Taypi had spent the last few days watching the stranger, and struggling to fit the things that he observed into any frame of reference that made sense. For a start the stranger seemed to be ridiculously ignorant of the jungle, like a child who has never left his mother's hip. Even whilst walking he kept examining and touching everything, even, at one point, standing on a nest of poison ants to sample the bark of a tree, scraping away at it with his machete. This tool, of wonderful sharpness was as different from the palm machete's of the Tribe as was everything else about the Stranger. Who knew, he might have some purpose for the bark that the Tribe were completely unaware of? It wasn't much good for anything, as far as Taypi knew. It was too crumbly to use for binding, inedible, no good in tea and with no known medicinal properties. The Stranger seemed to become very excited about it and packed the sample carefully away in one of his many pockets, after wrapping it in some banana leaf, along with a leaf from the tree.
Every so often he would stop, take out something bright from his pocket, cast around for some light between the leaves, and measure it up against the sun. He would scribble symbols on his arms and on the tablet around his neck. This reassured the boy somewhat, as he understood the sun, and the practice of recording knowledge on the body. For the Tribe it is a sacred process, the indelible symbols pricked on the flesh with sharp thorns, whereas for this strange creature it seemed as instinctive as breathing. There is no ceremony to the Stranger's writing - he makes notes as he goes, and the letters are not indelibly pricked on the skin, but scribbled in all on top of each other, new symbols etched over the faded tracery of the old. The implement he uses for the markings could be made of bone, yet it is the wrong colour; it's handle intricately worked. There were rumours of tribes that had the secret of metal: it could be that he was one of those... But that he seemed entirely foreign to this place, and Taypi was not even sure if those tribes still existed. There seemed to be far fewer drums rumbling through the jungle each year.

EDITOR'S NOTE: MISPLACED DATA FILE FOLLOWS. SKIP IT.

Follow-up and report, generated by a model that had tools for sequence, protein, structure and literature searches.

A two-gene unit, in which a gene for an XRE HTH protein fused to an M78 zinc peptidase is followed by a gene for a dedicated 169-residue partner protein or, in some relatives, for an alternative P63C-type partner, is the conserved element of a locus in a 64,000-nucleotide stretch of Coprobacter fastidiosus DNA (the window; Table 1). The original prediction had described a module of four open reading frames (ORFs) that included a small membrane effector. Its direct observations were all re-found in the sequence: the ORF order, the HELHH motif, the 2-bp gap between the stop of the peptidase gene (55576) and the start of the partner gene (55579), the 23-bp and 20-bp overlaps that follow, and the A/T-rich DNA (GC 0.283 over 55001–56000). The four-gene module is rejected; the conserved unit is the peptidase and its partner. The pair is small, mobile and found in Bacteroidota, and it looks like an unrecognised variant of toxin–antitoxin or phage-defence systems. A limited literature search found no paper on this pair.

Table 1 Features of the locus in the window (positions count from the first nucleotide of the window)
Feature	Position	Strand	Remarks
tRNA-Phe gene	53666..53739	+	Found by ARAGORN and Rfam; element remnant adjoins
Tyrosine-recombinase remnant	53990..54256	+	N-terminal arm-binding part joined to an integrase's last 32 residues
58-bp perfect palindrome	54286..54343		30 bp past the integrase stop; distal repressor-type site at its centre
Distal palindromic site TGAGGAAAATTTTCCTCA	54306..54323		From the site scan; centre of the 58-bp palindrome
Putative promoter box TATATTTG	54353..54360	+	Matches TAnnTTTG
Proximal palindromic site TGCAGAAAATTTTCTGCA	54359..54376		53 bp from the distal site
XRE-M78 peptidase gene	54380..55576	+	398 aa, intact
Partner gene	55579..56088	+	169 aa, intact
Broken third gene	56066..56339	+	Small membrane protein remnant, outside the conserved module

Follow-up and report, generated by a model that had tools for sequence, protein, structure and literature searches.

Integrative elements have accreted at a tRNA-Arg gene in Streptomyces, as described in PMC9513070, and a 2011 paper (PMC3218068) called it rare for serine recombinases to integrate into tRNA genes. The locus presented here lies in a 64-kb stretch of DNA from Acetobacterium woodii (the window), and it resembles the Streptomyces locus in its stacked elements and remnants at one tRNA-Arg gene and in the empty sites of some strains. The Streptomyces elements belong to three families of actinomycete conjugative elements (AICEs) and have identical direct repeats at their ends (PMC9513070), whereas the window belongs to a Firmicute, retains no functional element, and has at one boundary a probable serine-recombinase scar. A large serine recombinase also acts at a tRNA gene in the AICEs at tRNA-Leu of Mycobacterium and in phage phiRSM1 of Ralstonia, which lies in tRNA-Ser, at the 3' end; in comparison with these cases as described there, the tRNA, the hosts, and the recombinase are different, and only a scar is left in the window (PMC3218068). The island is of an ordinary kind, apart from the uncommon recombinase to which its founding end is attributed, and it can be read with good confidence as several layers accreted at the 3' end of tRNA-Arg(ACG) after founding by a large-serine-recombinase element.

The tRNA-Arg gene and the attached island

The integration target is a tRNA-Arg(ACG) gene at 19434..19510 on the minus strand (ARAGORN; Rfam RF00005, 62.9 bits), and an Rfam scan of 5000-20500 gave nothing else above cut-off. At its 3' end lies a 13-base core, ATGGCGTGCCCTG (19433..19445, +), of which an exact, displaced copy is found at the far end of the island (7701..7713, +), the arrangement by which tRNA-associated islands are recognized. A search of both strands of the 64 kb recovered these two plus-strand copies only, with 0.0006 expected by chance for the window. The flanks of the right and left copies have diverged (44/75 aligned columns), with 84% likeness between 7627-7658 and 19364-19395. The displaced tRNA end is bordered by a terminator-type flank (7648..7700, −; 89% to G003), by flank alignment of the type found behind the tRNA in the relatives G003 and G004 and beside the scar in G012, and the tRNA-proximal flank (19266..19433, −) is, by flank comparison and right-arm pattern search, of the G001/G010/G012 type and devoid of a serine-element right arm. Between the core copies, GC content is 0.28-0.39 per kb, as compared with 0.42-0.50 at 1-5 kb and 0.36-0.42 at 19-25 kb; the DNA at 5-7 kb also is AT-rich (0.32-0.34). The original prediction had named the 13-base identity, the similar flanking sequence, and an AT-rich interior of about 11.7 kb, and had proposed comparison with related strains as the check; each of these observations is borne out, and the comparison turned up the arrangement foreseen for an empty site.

Taypi has not been able to get close enough to see what the stranger is writing in his book with many leaves, but the writing on his hands and arms stands out clearly. The script seems regular, repeating the same few symbols in a bewildering variety of combinations. Perhaps the man is making prayers on his skin, endlessly repeating the name of his guardian spirits. The idea that the written language could combine the same few symbols to reproduce any word in the language was foreign to Taypi - for the Tribe had thousands of symbols, each reflecting the essential properties of the object, idea or event they described. You could not lie, or describe something incorrectly in their language; each event, each hermes replica story has its own notation and style, variation but never repetition.
The stranger eats and drinks as he travels - but is clumsy in his foraging - ripping fruits from the trees and bushes and leaving scars on the jungle as he passes. Taypi does not need to cut his way through the thick vegetation, instead using almost invisible paths that weave through the clearings, sometimes travelling along the beds of streams, sometimes taking entirely to the river. This is always a last resort as the Tribe are afraid of the open sky. They believe that the spirits of those that have left look down at them at night, glinting like so many fireflies between the clouds, and that they are jealous of the living, stealing their spirits when they can.